After he died, the sustained growth in income was dwarfed by the growing fear that if I didn’t take action somehow, I was headed down the same path”
For me, I kept changing jobs every 18 months convinced I would shake this restlessness.
I realized what many others do — that I had to dream in a new direction.
When we see other people do things like quit their jobs, move across the world or make a career change, we see it as a dramatic leap.
In reality, what you are missing is how that person’s imagination and view of the world has been evolving over the past several months and years. This is often a slow shift that happens from meeting different kinds of people, reading a book or being forced to adapt to a situation within a certain set of constraints.
Five years before I took the leap to self-employment, I was doing work with a number of freelance consultants. I got to know many of them and found they were incredibly energized, happy and able to support their life. I remember being full aware of this and it planted a seed in my brain that there were different models for how I might live and work later in my life.
It took five more years before I took my “first steps,” but knowing that adults existed who enjoyed life and played by different rules gave me permission to investigate alternative paths in the world through books, podcasts and conversations.
A friend, Lydia Lee, talked about a trip she took to Malaysia in which she met a digital nomad who was running a marketing firm from his laptop:
“being able to meet him in real life…made me realize I could work from my laptop”
This seems to trivial, yet to her journey it was profound. Meeting this person made something impossible real. Even though it would be another six months before she decided to quit her job, it sent her back home with a new thought. That there could be a different way.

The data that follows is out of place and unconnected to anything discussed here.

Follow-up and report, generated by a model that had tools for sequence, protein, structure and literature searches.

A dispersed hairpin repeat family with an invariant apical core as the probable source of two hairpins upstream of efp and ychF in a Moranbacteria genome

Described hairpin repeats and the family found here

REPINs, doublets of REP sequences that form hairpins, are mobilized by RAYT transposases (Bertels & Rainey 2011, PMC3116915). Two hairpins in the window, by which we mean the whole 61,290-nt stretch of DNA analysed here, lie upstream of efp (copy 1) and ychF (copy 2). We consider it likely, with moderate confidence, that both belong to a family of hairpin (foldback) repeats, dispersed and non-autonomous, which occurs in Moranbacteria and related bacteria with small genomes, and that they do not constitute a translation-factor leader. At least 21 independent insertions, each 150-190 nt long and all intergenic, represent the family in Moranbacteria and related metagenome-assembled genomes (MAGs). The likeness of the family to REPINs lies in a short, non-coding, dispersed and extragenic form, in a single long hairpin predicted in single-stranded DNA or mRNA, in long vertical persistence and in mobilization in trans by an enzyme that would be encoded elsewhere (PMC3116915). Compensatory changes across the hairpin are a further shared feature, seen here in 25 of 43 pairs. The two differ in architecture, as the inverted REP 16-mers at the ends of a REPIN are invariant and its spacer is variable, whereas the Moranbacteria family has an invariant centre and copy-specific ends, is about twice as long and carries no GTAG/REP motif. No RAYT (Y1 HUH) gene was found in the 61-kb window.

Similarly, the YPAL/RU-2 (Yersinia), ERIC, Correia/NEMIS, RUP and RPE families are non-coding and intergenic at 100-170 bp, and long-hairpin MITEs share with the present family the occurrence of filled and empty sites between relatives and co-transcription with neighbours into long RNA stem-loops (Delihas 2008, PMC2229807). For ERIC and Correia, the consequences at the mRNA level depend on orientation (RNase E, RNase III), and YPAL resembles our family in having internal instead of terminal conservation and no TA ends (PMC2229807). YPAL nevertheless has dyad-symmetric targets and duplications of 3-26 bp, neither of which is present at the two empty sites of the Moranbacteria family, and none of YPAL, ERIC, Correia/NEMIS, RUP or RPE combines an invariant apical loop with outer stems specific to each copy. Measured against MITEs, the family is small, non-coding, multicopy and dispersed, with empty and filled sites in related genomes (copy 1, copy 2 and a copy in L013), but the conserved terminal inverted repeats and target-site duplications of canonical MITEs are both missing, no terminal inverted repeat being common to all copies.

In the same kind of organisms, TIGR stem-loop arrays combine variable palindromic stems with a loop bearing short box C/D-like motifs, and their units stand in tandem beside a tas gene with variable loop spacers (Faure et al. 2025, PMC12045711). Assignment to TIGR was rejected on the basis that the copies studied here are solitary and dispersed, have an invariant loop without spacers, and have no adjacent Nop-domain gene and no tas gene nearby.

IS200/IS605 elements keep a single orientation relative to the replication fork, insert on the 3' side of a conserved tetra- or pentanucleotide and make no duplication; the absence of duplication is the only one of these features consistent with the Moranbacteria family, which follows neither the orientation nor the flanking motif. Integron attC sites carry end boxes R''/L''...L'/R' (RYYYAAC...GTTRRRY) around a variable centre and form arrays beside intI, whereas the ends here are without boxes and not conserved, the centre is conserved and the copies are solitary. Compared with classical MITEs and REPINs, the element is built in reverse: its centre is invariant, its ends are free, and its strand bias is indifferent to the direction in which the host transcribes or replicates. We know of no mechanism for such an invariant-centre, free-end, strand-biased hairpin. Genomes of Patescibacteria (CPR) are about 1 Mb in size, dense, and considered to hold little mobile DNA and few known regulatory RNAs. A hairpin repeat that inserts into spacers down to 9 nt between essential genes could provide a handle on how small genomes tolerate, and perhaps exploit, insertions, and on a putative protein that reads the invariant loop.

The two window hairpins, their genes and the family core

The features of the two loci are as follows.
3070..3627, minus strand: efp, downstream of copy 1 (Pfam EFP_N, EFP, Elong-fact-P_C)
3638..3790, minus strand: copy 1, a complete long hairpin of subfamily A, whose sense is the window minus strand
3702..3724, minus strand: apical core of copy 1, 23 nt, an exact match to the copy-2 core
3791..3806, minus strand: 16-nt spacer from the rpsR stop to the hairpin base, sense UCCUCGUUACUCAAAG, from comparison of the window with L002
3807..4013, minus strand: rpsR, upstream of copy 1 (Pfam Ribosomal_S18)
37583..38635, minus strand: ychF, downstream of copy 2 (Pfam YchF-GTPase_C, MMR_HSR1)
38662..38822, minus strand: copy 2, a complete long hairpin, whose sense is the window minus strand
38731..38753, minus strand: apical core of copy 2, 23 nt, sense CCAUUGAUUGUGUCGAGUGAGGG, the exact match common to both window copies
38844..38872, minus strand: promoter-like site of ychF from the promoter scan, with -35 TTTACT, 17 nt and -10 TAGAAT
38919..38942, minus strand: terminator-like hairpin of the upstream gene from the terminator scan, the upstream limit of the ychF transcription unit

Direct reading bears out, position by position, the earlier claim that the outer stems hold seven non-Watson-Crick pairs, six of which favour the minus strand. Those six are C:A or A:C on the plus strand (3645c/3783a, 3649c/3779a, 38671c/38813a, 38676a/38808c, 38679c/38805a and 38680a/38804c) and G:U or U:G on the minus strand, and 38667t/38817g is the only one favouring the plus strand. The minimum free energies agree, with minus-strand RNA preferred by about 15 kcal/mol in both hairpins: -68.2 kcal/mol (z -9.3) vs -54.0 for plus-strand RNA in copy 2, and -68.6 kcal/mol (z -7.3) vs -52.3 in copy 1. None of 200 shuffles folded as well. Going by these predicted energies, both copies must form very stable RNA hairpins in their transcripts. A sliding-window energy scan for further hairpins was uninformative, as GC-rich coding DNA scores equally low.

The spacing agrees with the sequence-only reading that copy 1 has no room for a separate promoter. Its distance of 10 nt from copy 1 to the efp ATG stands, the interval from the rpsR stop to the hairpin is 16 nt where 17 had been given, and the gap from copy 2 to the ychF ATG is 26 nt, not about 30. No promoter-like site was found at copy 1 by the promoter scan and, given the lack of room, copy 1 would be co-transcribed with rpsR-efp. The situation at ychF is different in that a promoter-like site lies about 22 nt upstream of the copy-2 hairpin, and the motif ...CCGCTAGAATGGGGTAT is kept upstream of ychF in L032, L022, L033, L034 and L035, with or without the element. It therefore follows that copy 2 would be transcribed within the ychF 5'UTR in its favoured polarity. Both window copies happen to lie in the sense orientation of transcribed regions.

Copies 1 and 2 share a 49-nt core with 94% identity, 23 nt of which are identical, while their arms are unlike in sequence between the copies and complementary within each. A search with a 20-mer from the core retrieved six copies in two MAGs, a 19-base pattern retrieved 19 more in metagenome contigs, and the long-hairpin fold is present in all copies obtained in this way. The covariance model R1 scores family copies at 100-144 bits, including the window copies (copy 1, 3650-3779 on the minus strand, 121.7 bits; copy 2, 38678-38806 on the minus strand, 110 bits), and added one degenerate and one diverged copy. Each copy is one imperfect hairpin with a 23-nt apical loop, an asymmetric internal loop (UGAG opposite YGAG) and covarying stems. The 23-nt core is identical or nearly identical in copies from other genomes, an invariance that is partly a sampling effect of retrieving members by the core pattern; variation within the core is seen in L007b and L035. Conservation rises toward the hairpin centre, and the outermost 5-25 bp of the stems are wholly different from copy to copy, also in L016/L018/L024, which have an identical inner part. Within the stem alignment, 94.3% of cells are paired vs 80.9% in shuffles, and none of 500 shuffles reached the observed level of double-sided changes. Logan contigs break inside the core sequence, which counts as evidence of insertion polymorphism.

#3 First Steps
“As we have shown in this research, a person focused on her ideal self is more likely to lose sleep over her “wouldas” and “couldas” than her “shouldas.”’ — Gilovich & Davidai
In a recent paper titled “The Ideal Road Not Taken”, Professors Gilovich and Davidai tried to understand what people regret. What they discovered is that regret was linked to two different conceptions of a self.
The first is an aspirational self, which is a version of ourselves that we aspire to. The second is an “ought to” self. This is the self that has to do with responsibility. We “ought to” take care our our family, go to work, and so on.
The thing they found was that when people fail to live up to their “ought to” self, they quickly took action to fix it and were much less likely to regret their actions. When someone failed to match their apirational ideas, however, they experienced a much higher degree of regret.
My belief is that many people who take some kind of leap are able to intuitively make this calculation. We could even call this the Gretchen Rubin Principle because of how clearly she articulates the implications in her interview with Tim Ferriss: